Everyone's been trying to catch 'em all and no one has been reading the fine print. Yesterday the entire Internet realized they had basically given Niantic, the company behind Pokemon Go, full access to their Google accounts. Who knows what really happened, but it sounds like everything should be on the up and up soon - in a statement sent out to multiple publications, Niantic has said that Google will reduce the permissions granted to Pokémon Go soon. But that's enough for an intelligence agency to tap into the servers of a company with a game just went viral in a Pokemon Go kind of way to dig up data about users.
Pokemon Go is a smartphone game developed by software development company Niantic, based on the popular Nintendo franchise. No additional information has been collected by the app, and certainly won't be going forward due to it's new level of access.
A blog named the iOS version of the app to be a "huge security risk" with "full access to your Google account". Most apps request only basic access to your account, unless they're owned by Google. This competes with the leading apps like Facebook Messenger, WhatsApp, and Instagram. The game has players scurrying about in the real world, capturing animated creatures in what is probably the first hit title to rely on augmented reality.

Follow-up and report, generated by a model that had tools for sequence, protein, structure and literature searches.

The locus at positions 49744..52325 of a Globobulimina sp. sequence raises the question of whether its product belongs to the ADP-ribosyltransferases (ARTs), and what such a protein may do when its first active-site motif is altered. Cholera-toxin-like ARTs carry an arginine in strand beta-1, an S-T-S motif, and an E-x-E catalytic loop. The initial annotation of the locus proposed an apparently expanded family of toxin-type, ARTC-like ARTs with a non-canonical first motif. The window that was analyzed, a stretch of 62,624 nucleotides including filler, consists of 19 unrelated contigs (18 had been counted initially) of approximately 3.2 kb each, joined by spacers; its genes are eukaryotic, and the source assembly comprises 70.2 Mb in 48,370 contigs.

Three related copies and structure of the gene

She says: "So I thought, 'cos I didn't understand how it worked, if I downloaded the game I could catch all the Pokemon in my work and people would quit coming to catch 'em".
The department also warned that robbers were preying on players drawn to rich troves of Pokemon monsters in parking lots or other places where victims might be vulnerable.
"Do not run into trees, meters, and things that are attached to the sidewalk; they hurt", he said.
The app, which was released last week but only in the U.S., Australia and New Zealand, has added more than $7 billion in market value, Bloomberg TV anchor Vonnie Quinn reported on "Bloomberg Markets" Tuesday morning.
Some analysts have been upbeat about the money-making potential for Pokemon GO, largely from small purchases made while playing - and the positive signs for other mobile gaming launches planned by Nintendo for 2016 and 2017.